Department of Labor Proposes Law To Classify Gig Workers As Employees: What It Means For Your Side Hustle


The COVID-19 pandemic has changed the way the U.S. thinks about work overall. The immediate effects of the initial lockdown left millions of full-time working Americans instantly jobless, with little to no notice. And so, many people turned to the gig economy!

Gig work is any work that isn’t W-2 employment, hence you don’t have a set schedule, a salary, or benefits. You “work for yourself,” making the money you want on your time. Think of jobs like an Uber or Lyft driver, a DoorDash food delivery person, or an Instacart shopper (I know this first hand!).

Now, there’s a new law proposed by the Department of Labor under the Biden Administration which would classify gig workers as employees. Let’s talk about what this means for the millions of us out there and how it will affect our wallets.

What Does The New Classifying Employees Labor Law Propose?

In a nutshell, this law would be enacted to fight “employee misclassification.” Over the years as app-based services have exploded in popularity, namely Uber, Lyft, Instacart, Shipt, Grubhub, and DoorDash to name a few, so has employee misclassification.

“While independent contractors have an important role in our economy, we have seen in many cases that employers misclassify their employees as independent contractors, particularly among our nation’s most vulnerable workers,” said Secretary of Labor Marty Walsh. “Misclassification deprives workers of their federal labor protections, including their right to be paid their full, legally earned wages. The Department of Labor remains committed to addressing the issue of misclassification.”

Silicon Valley giants have gotten rich with the boom of the gig economy, and yet those fueling the workforce are getting the short end of the stick.

According to FreightWaves, if passed, the new proposed rule would do the \\following:

  • Not using “core factors” and instead returning to a “totality-of-the-circumstances” analysis of the economic reality test that has a refined focus on whether each factor shows the worker is economically dependent upon the employer for work versus being in business for themself.
    • To simplify: Are Uber drivers really working for themselves, or are they supporting Uber? And, should they be classified as employees rather than contractors?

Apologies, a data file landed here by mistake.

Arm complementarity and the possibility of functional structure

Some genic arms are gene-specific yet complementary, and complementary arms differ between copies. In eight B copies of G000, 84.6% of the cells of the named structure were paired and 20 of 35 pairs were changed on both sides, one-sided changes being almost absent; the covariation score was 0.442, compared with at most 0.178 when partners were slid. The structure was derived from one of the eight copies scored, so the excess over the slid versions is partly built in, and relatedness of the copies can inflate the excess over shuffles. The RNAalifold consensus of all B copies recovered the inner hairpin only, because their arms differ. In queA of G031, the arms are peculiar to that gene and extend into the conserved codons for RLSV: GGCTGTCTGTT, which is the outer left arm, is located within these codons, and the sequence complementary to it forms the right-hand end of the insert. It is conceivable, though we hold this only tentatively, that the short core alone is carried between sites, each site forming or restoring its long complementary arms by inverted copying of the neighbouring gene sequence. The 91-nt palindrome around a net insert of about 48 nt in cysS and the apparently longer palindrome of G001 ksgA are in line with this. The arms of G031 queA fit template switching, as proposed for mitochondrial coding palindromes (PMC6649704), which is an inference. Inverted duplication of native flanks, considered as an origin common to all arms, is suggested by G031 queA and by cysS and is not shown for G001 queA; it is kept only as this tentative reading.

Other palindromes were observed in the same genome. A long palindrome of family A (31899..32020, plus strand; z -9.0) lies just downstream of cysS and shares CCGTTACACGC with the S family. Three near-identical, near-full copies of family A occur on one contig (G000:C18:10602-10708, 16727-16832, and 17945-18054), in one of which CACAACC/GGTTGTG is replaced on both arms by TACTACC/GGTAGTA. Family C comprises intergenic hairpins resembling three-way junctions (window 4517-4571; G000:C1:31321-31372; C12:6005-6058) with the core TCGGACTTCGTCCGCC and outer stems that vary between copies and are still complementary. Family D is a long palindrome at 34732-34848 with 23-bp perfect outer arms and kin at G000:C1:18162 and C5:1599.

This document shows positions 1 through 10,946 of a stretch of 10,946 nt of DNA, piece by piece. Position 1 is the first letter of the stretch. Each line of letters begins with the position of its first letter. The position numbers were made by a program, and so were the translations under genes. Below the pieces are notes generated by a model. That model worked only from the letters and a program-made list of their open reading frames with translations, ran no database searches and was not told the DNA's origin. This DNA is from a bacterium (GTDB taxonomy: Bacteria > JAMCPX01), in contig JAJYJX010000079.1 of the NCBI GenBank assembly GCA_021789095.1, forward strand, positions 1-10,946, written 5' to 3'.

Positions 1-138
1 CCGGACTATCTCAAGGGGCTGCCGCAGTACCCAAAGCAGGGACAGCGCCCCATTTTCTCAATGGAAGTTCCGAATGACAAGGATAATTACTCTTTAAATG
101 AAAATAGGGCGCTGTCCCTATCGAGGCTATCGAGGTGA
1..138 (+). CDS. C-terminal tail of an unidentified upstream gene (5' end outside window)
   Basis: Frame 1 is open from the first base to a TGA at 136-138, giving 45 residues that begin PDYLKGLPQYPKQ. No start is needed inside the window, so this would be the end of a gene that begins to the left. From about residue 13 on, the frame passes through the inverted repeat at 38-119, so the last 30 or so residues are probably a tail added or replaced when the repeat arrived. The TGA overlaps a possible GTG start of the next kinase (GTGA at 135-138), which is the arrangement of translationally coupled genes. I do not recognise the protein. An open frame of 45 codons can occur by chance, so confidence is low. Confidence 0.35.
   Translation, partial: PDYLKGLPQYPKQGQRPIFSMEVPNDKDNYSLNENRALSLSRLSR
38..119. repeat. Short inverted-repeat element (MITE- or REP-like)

• Returning the consideration of investment to a stand-alone factor, focusing on whether the worker’s investment is capital or entrepreneurial in nature, and considering the worker’s investments on a relative basis with the employer’s investment.
    • To simplify: How much money is each independent contractor spending to earn money (i.e. cost of owning or leasing a car to be an Uber or Lyft driver, for example), how much money is the employer investing in the contractor’s work on their platform, and is the money being spent by the contractor to work for themselves benefiting the contractor or the company?
  • Providing additional analysis of the control factor, including detailed discussions of how scheduling, supervision, price setting, and the ability to work for others should be considered when analyzing the degree of control over a worker.
    • To simplify: What limitations can companies place upon independent contractors (i.e. limiting the number of rides, orders sent to each driver/delivery person based on how often they work, or available hours/blocks, for example) given they are “working for themselves?”
  • Returning to the long-standing “departmental interpretation of the integral factor,” which considers whether the work is integral to the employer’s business rather than whether it is exclusively part of an “integrated unit of production.”
    • To simplify: Does the independent contractor’s work directly benefit each individual, or more towards the company’s bottom line?

All of this is to say that this law would be a punch in the gut to Silicon Valley’s big tech and a win for misrepresented workers. Gig workers are usually being paid less than minimum wage, and they’re working much more than 40 hours per week to earn a living wage for themselves and their families.

The Bottom Line

My take is that gig workers need more representation and rights in today’s modern economy. Being an advocate and proponent of gig work since 2017, I’m here to say that it can be hard work! And providing essential services to people, like rideshare drivers and food/grocery delivery people do each day, is integral to the functioning of the American economy, especially in a post-pandemic world.

Millions of people have chosen or resorted to earning their living wages through gig work, and these same people are the reason we have seamless ridesharing app services and easy food delivery. It’s time these workers have proper employee classification.

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